I’ve done a few short videos for a website called dressagehub.com over the last year and noted to the owner one day the number of shares a few of the videos had. She reminded me it wasn’t the shares that were important; it was the views. One had been shared nearly 3,000 times but only viewed about 1,000. Is the information being absorbed or just passed on, and is it more important to be viewed by your peers as a source of information rather than an informed source?
The trend of sharing without reading or watching is a strange one. The same seems to happen when a crisis or challenge arises in the sport; as soon as we hear about it, we “repost” the information without reading or watching and then move on to the next turning point.
Why is it a rider like Helgstrand can be in “the hot seat” so many times over the last few years in regard to questionable handling of his horses, yet each time it happens seems to be the first? Do we choose to ignore it, or do we not remember it has already happened because we only glanced over it, reposted it and moved on?
Are you a victim of dressage amnesia? Are we following through on media coverage, or is it in one ear and out the other?
In 2015 I read countless quotes or statements made by various top-level riders and was astonished by how few people had actually heard or noticed something was said or done. Do people, especially the younger generation, the future owners of the sport, the Generation Y or millennials, actually read anymore?
There was an op-ed in Horse & Hound where Carl Hester questioned the FEI’s rule, article 401, that the poll of the horse must be the highest point. I’ve only found a few people who have read it. Many had reposted it on Facebook, but no one really had an opinion about it. No one seemed to want to challenge Hester, and no one seemed to have absorbed what he was saying. Agree or don’t with his comments, we should at least have an opinion and be listening when a trainer in his position is speaking to such a large audience.
Christian Carde wrote a counter piece to Hester’s column, which was published on Eurodressage.com, but it also seemed to go without major notice, although there were a lot of reposts of it on social media.
Hester had another quote that seemed to go without much notice in 2015, though it should have been heard around the world like a crack of thunder from the heavens. In commenting on the FEI’s proposed 2 percent penalty and then elimination for the first and second error of course, he is quoted as saying, “Does anyone on the dressage committee really care about the sport?”
Things like these should be the subjects of press releases, the kinds of things people should be rallying around, not whether or not someone did or didn’t have blood on their horse’s side. A comment like Hester’s is history in the making.
Why do we care more about who got eliminated from a World Cup than we do the future of the sport? Why do we dwell so much on the past, instead of looking to the future? Why can one of the world’s leading riders and trainers make comments regarding our future, and they seemingly go unnoticed by the masses?
We should be listening to what these people are saying. Instead of top riders, trainers and federations sending out press releases and Facebook posts defending their riders or mistakes that have been made, send out Facebook posts or press releases condemning the FEI for making such bad decisions and guiding our sport in such poor ways. Why are riders and trainers always willing to protect their butts, but never wanting to put their necks on the line?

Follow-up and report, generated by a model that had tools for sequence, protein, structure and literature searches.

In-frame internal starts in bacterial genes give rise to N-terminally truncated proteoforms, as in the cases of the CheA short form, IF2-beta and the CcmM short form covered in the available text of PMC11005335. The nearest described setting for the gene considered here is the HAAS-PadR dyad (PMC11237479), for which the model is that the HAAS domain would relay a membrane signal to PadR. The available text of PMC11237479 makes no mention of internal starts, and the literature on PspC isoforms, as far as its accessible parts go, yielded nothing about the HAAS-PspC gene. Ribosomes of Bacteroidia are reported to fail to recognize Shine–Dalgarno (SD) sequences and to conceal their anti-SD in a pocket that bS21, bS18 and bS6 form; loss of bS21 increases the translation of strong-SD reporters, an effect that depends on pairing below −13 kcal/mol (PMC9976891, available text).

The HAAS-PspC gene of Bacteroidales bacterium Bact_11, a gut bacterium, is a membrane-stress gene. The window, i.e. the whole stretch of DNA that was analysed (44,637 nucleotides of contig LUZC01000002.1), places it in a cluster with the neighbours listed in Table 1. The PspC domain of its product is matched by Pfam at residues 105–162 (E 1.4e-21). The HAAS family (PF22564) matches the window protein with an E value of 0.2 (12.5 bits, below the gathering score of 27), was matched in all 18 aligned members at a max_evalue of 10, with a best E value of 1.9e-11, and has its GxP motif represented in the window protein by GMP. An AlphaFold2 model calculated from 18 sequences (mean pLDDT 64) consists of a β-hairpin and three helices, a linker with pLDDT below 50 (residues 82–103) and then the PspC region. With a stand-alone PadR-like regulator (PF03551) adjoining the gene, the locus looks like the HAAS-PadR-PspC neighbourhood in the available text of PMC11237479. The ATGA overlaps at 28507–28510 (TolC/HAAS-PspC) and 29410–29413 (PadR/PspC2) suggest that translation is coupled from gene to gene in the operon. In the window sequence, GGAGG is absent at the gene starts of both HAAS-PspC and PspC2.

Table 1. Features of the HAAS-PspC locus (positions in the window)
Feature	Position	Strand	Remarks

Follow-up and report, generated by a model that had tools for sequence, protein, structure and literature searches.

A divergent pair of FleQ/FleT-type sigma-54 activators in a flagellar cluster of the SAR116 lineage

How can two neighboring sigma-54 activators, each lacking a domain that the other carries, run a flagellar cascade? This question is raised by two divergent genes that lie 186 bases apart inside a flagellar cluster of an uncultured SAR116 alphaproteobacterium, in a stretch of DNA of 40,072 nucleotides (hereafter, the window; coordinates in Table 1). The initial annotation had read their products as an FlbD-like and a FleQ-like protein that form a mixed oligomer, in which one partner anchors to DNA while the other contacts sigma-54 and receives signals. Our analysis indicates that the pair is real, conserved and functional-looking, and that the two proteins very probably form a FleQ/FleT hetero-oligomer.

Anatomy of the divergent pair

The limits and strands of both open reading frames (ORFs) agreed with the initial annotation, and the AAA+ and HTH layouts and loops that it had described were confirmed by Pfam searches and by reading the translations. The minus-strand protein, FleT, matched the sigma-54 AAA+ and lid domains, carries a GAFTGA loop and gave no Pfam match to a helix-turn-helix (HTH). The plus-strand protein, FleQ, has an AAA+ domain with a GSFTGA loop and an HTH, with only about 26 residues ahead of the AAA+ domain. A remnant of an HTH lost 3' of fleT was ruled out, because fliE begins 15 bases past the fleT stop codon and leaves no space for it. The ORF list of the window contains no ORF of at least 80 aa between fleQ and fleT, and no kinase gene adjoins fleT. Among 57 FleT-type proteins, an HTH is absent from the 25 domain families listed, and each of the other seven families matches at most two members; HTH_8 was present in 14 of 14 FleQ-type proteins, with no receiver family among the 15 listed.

Kudos to Hester for speaking his mind on any matter; at least we know he is paying attention and cares. More people in positions like his should follow his lead. You don’t have to always be right; you just have to be educated and care. For that fact alone, Hester became a hero of mine in 2015. His training, riding or production of Valegro and Charlotte Dujardin is nothing in comparison to his willingness to be outspoken about what he believes in.
When people like Carde and Hester have a disagreement, listen to the discussion. They are both great horsemen of our time and helping change the future of the sport.
New Year’s Resolutions
With the 2016 Olympic Games right around the corner, the FEI continues to talk about what to do with dressage in order to keep it in the Games. A dressage berth is slated for the 2020 Tokyo Olympics, but what about after that?
I wonder what new tricks and ploys the FEI and its constituents are going to throw out there this year or in the following years to make it more viable to the public. What ideas do they have up their sleeves, and will we all go along with it? Will only a few select individuals speak out for or against decisions? Will the press releases and factions continue to come alive only when the ethics of one of their rider heroes is called into question?
Some of the resolutions I would love to see the dressage community make for 2016 include: Get up and take notice, read more, follow the rulebook, absorb, study, act instead of talk, stand up for what you believe in, take sides, think about your impact on the whole, be aware, talk less about your greatness and more about others.
What would be yours? When you see an incorrect pirouette, don’t just love it because it’s a medal winning horse. If you see a horse piaffing croup high with a short neck and low poll, contradicting the rules, boo instead of cheer. If you disagree with a new rule, speak up and don’t just succumb to its law. If someone is behaving poorly in the warm-up on or off a horse, even a national hero, call the steward over. Worry less about being politically correct and more about the future of our sport. Listen to the disagreements and to the discussions and become educated instead of just proclaiming your own beliefs. We are the future of our sport, and it is up to us to continue to be the police to the FEI, not the other way around.
Let’s make 2016 a year that changed the sport.
Jeremy Steinberg was the U.S. Equestrian Federation Youth Coach from 2010-2014. He’s a well-known rider, trainer and competitor based out of Del Mar, Calif. He’s also a selector for the Developing Horse Program and one of five clinicians who works with the U.S. Dressage Federation in its Platinum Performance/USDF junior and young rider clinic series. He worked with longtime friend and mentor Dietrich von Hopffgarten extensively until his passing in 2004. Jeremy has trained and shown through the Grand Prix level. He now runs a small “boutique”-type training business and travels the country giving clinics. More information can be found at steinbergdressage.com.